Louder and funnier

louder and funnier

I’d love to know the occasion behind this one.  It looks like Ab was presenting some kind of a talk, not something I think he did very often.  The paper in his hand suggest he’s got a script.  Although the people at this gathering are depicted impressionistically, you can somehow tell that there are various ladies-of-a-certain-age turning round in their chairs to eyeball the heckler.

And of course this is the kind of note that my director, Mr Nicholas Philippou, never gives me!


Some toilet humour

It's not condensation - your aim is terrible

One of the remarkable features of Ab’s art is his capacity for self-denigration.  But, looking closer at the picture, is he actually making a joke at the expense of his own decrepitude?  Well, we see Celie pointing to the ceiling, so my guess is that there really was condensation in the smallest room and, in a week without much incident, Ab decided to make a funny from a banal everyday detail.

But then again, note the detail of the toilet seat being up ….

A balcony scene

Oh Abbo Abbo

This cartoon seemed appropriate to me today as I’ve been preparing to run a week-long Summer School based on Romeo & Juliet.  One of the things that I love about Ab’s cartoons is that he sometimes characterises the two of them as coming from two different worlds – when in fact their backgrounds were very similar: Ashkenazy Jews, first generation born in London, aspiring and making their way (painfully) up the social ladder.

TGI Shobbas

Shlap on shobbos

So, as it’s Friday, here’s an Ab cartoon for anyone hoping for a day of rest sometime soon.  Perhaps the phrase “You want that I should schlap on shobbas” requires some unpicking?  A”schlap” is a shlep, in my view particularly associated with carrying a burden.  “Shobbas” is Shabbat  – that is the sabbath.  So Ab is saying:  “Are you asking me to carry a burden during the day of rest when it is religiously forbidden to do so?”  Only, of course, he says it in the poetry of Yinglish, with all the layers of irony and self-deprecation one would hope for.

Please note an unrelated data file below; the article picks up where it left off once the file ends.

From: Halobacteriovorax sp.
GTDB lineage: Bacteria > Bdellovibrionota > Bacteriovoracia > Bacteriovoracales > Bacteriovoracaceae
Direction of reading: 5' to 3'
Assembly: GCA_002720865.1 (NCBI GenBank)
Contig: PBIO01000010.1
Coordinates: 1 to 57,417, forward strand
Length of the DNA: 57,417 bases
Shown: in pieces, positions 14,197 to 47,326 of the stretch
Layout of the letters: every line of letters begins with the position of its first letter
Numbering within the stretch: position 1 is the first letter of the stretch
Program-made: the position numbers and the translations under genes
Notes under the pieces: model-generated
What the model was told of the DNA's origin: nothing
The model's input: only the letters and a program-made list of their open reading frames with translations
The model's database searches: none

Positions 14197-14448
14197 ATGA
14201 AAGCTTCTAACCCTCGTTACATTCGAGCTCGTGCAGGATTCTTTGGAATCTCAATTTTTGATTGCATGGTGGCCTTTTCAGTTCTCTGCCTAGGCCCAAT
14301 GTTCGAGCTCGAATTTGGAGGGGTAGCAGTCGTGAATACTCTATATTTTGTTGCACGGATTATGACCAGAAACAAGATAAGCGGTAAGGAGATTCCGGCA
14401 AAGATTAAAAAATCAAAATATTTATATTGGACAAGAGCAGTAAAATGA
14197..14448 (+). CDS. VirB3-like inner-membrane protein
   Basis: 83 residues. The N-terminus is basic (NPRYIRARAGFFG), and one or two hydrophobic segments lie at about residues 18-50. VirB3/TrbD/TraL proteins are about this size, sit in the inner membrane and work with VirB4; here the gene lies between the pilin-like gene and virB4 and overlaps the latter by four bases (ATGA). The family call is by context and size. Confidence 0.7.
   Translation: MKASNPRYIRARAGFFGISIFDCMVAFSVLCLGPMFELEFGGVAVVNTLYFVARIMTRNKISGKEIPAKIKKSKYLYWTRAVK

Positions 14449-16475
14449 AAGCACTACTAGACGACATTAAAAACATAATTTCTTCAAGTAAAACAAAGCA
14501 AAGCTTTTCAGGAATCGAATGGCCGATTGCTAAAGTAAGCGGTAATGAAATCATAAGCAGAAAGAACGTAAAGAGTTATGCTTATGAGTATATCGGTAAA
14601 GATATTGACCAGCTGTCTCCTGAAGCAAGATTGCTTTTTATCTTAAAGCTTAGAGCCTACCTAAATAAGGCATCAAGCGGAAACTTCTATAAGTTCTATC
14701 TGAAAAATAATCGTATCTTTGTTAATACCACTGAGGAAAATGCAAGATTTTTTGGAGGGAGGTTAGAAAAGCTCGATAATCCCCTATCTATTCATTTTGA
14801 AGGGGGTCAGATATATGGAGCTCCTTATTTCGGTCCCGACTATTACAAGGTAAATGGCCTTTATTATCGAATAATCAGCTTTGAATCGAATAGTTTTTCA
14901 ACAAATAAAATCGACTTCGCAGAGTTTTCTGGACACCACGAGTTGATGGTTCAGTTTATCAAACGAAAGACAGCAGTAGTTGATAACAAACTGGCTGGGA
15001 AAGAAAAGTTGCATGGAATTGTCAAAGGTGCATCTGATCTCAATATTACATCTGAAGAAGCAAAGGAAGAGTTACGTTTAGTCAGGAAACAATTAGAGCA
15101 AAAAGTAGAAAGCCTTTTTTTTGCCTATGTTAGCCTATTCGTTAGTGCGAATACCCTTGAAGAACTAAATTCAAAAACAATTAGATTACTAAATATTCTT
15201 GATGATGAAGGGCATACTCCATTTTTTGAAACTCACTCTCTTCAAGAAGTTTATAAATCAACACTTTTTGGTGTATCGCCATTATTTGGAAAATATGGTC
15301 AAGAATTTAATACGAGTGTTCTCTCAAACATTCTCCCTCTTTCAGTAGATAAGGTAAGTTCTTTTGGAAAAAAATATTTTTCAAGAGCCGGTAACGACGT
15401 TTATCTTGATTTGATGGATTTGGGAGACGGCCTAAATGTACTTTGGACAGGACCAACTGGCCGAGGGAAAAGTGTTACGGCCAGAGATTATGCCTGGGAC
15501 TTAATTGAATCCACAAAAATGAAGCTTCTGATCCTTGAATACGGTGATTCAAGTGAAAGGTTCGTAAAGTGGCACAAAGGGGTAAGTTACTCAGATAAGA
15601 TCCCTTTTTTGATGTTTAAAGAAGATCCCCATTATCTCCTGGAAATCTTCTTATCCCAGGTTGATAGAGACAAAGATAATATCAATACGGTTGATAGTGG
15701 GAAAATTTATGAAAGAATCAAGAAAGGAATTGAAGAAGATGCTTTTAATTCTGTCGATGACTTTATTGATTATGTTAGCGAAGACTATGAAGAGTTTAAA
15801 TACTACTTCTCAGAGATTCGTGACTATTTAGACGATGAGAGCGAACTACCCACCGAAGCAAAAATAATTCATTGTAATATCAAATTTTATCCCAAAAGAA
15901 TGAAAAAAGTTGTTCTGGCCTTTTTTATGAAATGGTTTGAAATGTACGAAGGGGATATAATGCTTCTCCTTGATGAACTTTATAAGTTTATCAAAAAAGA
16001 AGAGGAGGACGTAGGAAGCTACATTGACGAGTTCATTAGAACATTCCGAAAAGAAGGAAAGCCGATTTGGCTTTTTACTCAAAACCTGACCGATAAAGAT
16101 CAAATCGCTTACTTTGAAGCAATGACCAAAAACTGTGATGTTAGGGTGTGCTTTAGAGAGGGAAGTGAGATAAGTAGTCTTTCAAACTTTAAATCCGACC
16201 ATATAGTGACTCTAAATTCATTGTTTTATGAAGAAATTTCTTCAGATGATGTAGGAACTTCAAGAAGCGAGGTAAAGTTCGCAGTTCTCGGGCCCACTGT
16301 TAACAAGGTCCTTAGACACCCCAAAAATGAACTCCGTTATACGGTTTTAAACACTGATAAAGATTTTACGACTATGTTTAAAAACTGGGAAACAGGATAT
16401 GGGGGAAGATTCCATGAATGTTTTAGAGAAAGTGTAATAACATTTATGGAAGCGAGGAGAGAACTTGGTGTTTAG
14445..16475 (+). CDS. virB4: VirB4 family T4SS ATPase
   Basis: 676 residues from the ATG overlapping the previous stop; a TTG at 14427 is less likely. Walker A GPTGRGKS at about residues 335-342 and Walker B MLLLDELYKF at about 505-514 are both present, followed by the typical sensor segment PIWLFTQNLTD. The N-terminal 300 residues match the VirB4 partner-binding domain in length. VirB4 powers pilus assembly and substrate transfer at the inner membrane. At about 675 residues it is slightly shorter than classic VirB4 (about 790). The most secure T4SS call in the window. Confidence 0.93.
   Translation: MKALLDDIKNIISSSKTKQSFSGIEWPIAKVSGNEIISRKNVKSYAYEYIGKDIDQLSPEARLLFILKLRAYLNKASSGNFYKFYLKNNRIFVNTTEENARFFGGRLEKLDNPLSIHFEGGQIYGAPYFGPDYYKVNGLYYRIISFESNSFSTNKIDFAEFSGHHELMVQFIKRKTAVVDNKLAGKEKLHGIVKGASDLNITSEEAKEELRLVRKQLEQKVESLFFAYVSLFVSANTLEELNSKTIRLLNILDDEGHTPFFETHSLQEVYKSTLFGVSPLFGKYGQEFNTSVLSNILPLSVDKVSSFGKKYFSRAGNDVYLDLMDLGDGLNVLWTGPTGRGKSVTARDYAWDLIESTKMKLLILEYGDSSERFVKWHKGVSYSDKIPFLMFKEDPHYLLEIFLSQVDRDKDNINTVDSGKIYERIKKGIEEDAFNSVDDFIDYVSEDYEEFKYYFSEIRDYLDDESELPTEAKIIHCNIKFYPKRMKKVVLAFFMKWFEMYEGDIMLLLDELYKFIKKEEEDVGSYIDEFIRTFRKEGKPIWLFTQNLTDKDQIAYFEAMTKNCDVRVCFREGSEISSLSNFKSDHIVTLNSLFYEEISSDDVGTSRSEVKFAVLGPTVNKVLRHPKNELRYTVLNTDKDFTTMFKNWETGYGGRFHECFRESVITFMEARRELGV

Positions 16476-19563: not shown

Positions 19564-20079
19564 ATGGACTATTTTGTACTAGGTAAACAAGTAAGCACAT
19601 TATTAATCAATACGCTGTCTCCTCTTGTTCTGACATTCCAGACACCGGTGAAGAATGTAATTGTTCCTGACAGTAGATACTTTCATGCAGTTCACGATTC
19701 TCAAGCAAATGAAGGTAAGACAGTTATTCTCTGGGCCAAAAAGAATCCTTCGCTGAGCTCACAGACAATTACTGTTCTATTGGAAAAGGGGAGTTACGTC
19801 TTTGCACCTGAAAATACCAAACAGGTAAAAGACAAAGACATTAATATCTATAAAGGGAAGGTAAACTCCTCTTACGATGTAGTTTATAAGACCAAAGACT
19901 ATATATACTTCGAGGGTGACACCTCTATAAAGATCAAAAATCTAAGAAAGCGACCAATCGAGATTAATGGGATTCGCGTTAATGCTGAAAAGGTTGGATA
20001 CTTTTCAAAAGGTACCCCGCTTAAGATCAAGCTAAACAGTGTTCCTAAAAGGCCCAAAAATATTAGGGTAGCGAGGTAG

Battle of the blanket

It's the way you make the bed

This is something, in my humble opinion, that has got better since this cartoon was drawn – probably in the 1940s.  The duvet, or “continental quilt” as it used to be called by early adopters in the 1970s, reduces the incidence and impact of wayward bed-clothing.  I hasten to add the phenomenon hasn’t been totally eradicated, but here you can see that these two blankets are conspiring to separate, duvet’s don’t do that.  They are also annoyingly covering some bits, leaving extremities to suffer chill.  The bit of blanket around Ab’s head is an additional annoyance.  I imagine it’s a bit itchy.  Any attempt to rectify only exacerbates.   Times were tough.

A battery of tests


With the NHS much in the news today, I thought this cartoon would ring some bells.  Dated June 1978, almost exactly 35 years ago.  For those of us who are regular hospital

users this is familiar territory; the battery of tests.  For me, Ab gets a remarkable sense of subtext in this picture.  Although the doctor is blathering on, the tests for him an every day procedure,we focus on Celie and Ab.  They’re clearly anxious.  “So many tests”, I think they’re thinking, “they’re bound to uncover something …”